Monday, 19 August 2013

LOTRO: Requiem?

My friend Rakuno spoke some wise words in his latest post:
In the MMORPG side [as compared to single-player games, red.] things are more complicated. You see, to me the fun with a MMORPG is dependent on two factors: the game itself and the people I play it with. If one of the two is lacking I quickly lose my desire to play it. Usually what happens is that the first one will become the problem for me. The game just loses its magic, becoming dull and uninteresting. Then I just keep playing because of the people I met there and eventually even that isn't enough to compensate for the game's faults.
When I read this, it struck me that he had hit the nail on its head, and I realized that this was exactly what happened to me in LotRO. I had always thought that I would stay in Middle-earth forever, so much in love was I with the game, my first MMO, when it was launched in 2007.

Over the last couple of years, I started to become increasingly annoyed by the extreme marketing strategies of Turbine with its Store. Then I started to lose interest in the repetitive nature of the quests and the increased grind needed to gear up your character the best. At this point, I was just logging in to raid with my kinship and didn't do anything else. Eventually, the new raids didn't turn out to be much fun and our raiding group somehow lost the lust to decipher the new challenges. We've now arrived at the end of the quote.

The social factor of MMOs is both amazing and terrible. I love to have fun with friends in-game, but I hate dragging myself into a game I don't enjoy anymore as much as I hate not doing so and feeling bad about not being there for my friends. There is no easy solution. An MMO you used to love is like an ex-boyfriend: its pretty tough to find the right relationship.

I don't want to part with virtual Middle-earth totally, so I log in to the game each Saturday morning, when most MMO players are still in bed. No obligations or anything. Just me, Tiger and our horses in a world to discover.


  1. I've not logged in to Lotro in over a month.. maybe more.. I'm not sure. I still have no desire to do so. And the reason is exactly what is being talked about here. I had fun people to play with and I enjoyed tackling challenges with them. But there's hardly any challenge left (Flight is a challenge.. but one that is so not fun that I don't even care right now.) I got tired of everything being too easy, instances nerfed so that you would just run them over and over and over and over for a slim chance at a yellow drop. Plus I dislike the road Turbine has taken regarding monetisation and the way their community manager behaves. Like you, for some reason I'm not able to call it complete quits.. which is a bit silly in a way since I have no desire to log in at all. I can't even level an alt or something... it's just too sad what the game has become.

    1. It's comforting that someone has the same feelings about the game, in a way. I still hope LotRO will change, but I'm not getting my hopes up.

      I think it's hard to let LotRO go because we both have been so deeply involved with it. For me it feels a bit like a "Home MMO" if something like that exists, because it's the first I ever played. I also haven't found any anything that's as much fun to play as the lore-master. I'll always be able how to play her, no matter how long I've been away. It's just imprinted in my brain somewhere.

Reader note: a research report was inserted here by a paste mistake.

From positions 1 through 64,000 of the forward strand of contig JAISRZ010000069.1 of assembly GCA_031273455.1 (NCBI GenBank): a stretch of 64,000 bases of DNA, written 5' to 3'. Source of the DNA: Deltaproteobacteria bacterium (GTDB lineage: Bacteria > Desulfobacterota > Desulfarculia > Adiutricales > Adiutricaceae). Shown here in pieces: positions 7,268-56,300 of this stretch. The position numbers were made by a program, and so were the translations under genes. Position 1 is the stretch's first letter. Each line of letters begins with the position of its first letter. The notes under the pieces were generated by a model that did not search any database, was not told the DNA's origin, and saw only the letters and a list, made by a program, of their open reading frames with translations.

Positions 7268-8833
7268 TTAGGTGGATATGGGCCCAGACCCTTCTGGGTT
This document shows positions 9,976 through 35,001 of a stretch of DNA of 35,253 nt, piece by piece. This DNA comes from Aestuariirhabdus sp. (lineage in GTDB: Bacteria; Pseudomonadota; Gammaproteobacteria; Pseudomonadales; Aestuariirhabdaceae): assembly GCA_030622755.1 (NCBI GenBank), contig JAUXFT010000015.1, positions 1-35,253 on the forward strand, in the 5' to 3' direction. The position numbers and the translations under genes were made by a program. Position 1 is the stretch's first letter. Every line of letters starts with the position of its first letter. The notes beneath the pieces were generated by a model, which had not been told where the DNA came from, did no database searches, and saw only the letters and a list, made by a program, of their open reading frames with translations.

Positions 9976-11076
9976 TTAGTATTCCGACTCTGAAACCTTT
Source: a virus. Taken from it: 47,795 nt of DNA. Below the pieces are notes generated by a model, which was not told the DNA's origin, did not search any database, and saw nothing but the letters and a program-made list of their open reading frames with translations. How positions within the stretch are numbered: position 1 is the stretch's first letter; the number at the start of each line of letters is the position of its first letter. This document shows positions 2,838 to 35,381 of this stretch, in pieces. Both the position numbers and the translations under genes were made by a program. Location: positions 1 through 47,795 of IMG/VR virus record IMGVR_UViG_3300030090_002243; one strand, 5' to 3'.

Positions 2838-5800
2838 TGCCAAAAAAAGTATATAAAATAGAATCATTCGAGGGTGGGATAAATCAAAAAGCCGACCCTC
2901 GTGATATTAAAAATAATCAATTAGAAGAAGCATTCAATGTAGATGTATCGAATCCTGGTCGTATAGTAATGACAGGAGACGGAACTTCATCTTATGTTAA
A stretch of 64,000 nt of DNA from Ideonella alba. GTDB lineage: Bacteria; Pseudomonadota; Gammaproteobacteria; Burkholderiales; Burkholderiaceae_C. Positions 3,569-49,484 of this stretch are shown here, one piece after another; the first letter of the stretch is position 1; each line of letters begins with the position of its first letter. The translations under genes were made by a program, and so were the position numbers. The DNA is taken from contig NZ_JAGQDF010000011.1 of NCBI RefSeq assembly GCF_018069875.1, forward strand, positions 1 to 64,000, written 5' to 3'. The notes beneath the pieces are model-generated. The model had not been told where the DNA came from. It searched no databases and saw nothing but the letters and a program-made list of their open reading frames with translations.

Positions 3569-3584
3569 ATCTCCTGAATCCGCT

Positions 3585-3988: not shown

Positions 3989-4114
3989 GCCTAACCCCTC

2. That is pretty much what happens to me with most MMOs. The grind starts to be too much, the game starts to fell pointless and before realizing it I am only logging in for friends and even those start to scatter towards other games, eventually. It is a really tough situation to deal with.

    ~ Rakuno

  3. I figure most everyone who plays online games is on the same page in thinking that ultimately we all play to have fun. So if your friends are not somewhere that's fun, best you can do is give 'em your contact information (X-fire/Steam/Skype/other messengers) and check in on them occasionally (Vent/etc).

    Steam's been my main line of communication to a small cadre of Infamy folks who quit LotRO with me. I'll rob some banks or kill some zombies with them often, or swap stories of world domination in our respective single-player strategy games.

    1. Wait... you quit LotRO? Is that why your blog is so quiet nowadays? I guess the zombies don't want a fashion makeover. :(

      Steam is a great help for me as well, together with kin/guild sites. Luckily everyone is grown up enough to understand how MMOs work, but I still feel sad (and at the start a little bit guilty) about 'breaking up' with an MMO nevertheless.

  4. Oh yeah, straight up from like December to U10, I didn't have a lot of inspiration. Plus I figured I'd rather chatter on the forums about itemization or actually running instances for gear. Then the U10 raid gear came out, and while it was cool and I probably could have made some stuff, I was still more into the forums and the game itself to worry about armored outfits. Then I just quit.

    True fact: I made a few outfits in RIFT and darn near made posts about those.

    But then I quit RIFT too. That's what I'm most guilty about for some reason. A buddy and I leveled hard and got to 60, joined a guild, started doing dungeons and then raids. Accepted a few crafted pieces of gear from them, though we mostly crafted our own. Then *poof* we decided we were sick of RIFT too. All in the span of two months. Left that new guild high and dry :/


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